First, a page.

Running From Grace is filled with subtleties and viewers of the piece will continue to see something new to which they will personally relate.  It is a 20×16 on archival paper.  Each piece is hand signed and numbered by the artist with a maximum edition of 25.  Each includes a certificate of authenticity and sells for $425.  For more details or to purchase a print please visit Jess Black’s website.

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So You’re a Disfellowshipped Jehovah’s Witness. Now What?

Promotion for the "Leather Bound in Black or Red" CollectionSince August of 2011, I, Jeff Steck, have been planning an art exhibition with an artist who is a former Jehovah’s Witness.  Artist Jess Black, who abandoned the JW religion when he was 17, wanted to do a collection based on what he believes are manipulations, oppression, and inconsistencies within the JW religion.  After careful consideration Jess decided to call the collection, Leather Bound in Black or Red.  He explained, “Every time we were issued new bibles we were asked if we wanted them leather bound in black or red.”

Personally, I thought this would be an interesting direction for his career.  I had no idea this collection would receive international attention and produce fear in those who are both practicing and those who have left the Jehovah’s Witness religion.  This is not like rebeling against Catholicism.  You abandon the Jehovah’s Witnesses and they will ruin you.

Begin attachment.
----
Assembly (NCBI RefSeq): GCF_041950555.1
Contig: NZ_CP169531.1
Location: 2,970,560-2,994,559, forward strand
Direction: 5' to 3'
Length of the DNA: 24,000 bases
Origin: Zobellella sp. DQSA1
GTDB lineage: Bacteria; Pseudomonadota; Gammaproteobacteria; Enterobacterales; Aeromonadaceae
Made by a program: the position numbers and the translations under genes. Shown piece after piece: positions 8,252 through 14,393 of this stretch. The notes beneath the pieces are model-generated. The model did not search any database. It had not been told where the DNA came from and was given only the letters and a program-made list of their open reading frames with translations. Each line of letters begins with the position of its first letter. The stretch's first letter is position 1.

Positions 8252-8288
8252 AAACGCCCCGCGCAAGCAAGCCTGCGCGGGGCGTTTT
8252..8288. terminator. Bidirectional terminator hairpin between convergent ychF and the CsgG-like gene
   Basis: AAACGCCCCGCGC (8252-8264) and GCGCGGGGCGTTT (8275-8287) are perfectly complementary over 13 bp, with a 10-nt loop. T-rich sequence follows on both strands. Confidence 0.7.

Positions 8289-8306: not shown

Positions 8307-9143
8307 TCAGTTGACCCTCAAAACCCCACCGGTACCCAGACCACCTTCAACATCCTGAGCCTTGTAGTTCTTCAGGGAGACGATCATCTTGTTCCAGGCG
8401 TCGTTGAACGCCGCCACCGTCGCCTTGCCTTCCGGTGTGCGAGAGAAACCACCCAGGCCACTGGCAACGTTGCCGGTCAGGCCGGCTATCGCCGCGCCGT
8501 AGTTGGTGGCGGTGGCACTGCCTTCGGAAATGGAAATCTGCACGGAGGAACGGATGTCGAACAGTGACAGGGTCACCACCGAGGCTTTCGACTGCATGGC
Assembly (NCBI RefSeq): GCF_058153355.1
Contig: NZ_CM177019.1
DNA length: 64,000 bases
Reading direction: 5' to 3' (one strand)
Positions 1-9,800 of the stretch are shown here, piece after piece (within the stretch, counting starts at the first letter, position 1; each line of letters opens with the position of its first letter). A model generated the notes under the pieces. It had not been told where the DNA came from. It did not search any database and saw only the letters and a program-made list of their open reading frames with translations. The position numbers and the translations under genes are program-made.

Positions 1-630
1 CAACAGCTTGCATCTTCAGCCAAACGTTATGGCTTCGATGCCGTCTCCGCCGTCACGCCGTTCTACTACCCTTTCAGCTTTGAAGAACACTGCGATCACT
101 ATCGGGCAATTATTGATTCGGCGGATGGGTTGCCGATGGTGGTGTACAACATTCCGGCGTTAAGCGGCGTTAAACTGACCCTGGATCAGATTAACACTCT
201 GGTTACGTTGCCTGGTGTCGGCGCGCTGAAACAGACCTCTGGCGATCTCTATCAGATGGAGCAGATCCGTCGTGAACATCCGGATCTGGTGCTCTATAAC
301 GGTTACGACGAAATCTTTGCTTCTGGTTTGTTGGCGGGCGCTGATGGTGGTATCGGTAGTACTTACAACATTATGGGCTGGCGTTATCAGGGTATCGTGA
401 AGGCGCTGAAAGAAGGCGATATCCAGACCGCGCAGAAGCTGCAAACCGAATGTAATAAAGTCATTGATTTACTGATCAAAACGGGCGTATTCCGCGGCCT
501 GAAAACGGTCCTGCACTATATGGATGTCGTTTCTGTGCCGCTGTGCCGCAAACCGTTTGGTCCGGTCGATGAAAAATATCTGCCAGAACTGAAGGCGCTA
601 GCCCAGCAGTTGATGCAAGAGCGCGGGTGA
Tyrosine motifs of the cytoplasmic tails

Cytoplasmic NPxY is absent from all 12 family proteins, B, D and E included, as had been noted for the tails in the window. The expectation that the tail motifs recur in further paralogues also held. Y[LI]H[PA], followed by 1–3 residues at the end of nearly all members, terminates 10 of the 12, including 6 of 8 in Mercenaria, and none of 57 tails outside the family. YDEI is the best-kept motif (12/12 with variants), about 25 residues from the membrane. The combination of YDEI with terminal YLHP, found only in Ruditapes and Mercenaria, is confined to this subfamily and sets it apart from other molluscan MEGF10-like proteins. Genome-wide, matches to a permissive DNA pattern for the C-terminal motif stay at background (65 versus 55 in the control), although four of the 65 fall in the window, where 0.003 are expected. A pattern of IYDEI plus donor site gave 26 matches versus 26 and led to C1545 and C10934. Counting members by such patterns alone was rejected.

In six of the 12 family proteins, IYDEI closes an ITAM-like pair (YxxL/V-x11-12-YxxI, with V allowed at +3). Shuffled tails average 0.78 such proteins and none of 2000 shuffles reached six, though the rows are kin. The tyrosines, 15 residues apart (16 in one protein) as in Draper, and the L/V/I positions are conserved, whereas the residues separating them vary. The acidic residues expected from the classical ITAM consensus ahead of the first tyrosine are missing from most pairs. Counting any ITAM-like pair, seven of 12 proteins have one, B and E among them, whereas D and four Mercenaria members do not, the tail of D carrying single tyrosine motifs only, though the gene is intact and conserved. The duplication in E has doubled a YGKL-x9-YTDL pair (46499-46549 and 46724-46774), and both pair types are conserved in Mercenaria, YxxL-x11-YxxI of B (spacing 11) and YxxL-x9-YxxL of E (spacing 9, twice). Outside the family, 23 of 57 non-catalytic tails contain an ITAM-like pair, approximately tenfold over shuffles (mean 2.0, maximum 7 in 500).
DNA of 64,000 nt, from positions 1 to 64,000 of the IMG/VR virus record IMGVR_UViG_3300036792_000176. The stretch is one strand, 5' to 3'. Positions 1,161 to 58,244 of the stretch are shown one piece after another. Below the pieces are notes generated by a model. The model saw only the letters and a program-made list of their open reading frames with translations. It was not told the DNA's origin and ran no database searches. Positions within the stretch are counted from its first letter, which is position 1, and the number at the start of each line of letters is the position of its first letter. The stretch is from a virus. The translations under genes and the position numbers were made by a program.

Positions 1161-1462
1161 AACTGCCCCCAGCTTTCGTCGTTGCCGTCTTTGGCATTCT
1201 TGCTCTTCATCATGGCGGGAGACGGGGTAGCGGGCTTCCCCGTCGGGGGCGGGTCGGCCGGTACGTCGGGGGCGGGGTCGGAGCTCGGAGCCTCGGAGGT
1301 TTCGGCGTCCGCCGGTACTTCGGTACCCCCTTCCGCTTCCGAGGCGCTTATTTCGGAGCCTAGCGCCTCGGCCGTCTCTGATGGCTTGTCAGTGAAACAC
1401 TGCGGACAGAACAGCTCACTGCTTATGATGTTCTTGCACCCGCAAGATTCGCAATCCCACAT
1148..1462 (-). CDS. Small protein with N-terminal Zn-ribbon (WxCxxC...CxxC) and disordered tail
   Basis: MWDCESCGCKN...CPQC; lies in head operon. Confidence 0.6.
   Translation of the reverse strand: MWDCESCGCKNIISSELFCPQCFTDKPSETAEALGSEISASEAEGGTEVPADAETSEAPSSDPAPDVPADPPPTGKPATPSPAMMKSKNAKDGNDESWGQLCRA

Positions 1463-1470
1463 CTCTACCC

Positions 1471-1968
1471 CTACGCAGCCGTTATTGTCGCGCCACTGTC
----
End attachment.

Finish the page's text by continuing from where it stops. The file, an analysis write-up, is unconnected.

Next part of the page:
Alright, many of you will believe that last sentence is an exaggeration.  Let’s explore.  If you decide to abandon or reject the JW faith (usually something that develops over years) you will experience the common practice of shunning.  Big deal you think, so people in the church will not talk to me, who cares?  What needs to be understood is that for a follower’s entire life he has only associated with people within the church.  A Jehovah’s Witness is not permitted to have casual association within anyone outside the religion and this includes family.  So, if you want to leave you must be prepared to lose everybody.  You will lose your entire support system.  Parents, siblings, and best friends will all shun you.  Many find a parent abandoning her child unlikely, but they do because their fear is stronger than their family bonds.  The belief is that by shunning the deserter he or she will eventually return.  We have received countless emails from people who have told us that their mothers and siblings will no longer speak with them and that they do not have a home.  At the age of 30 it is as if they have just been born.  They are lonely and scared.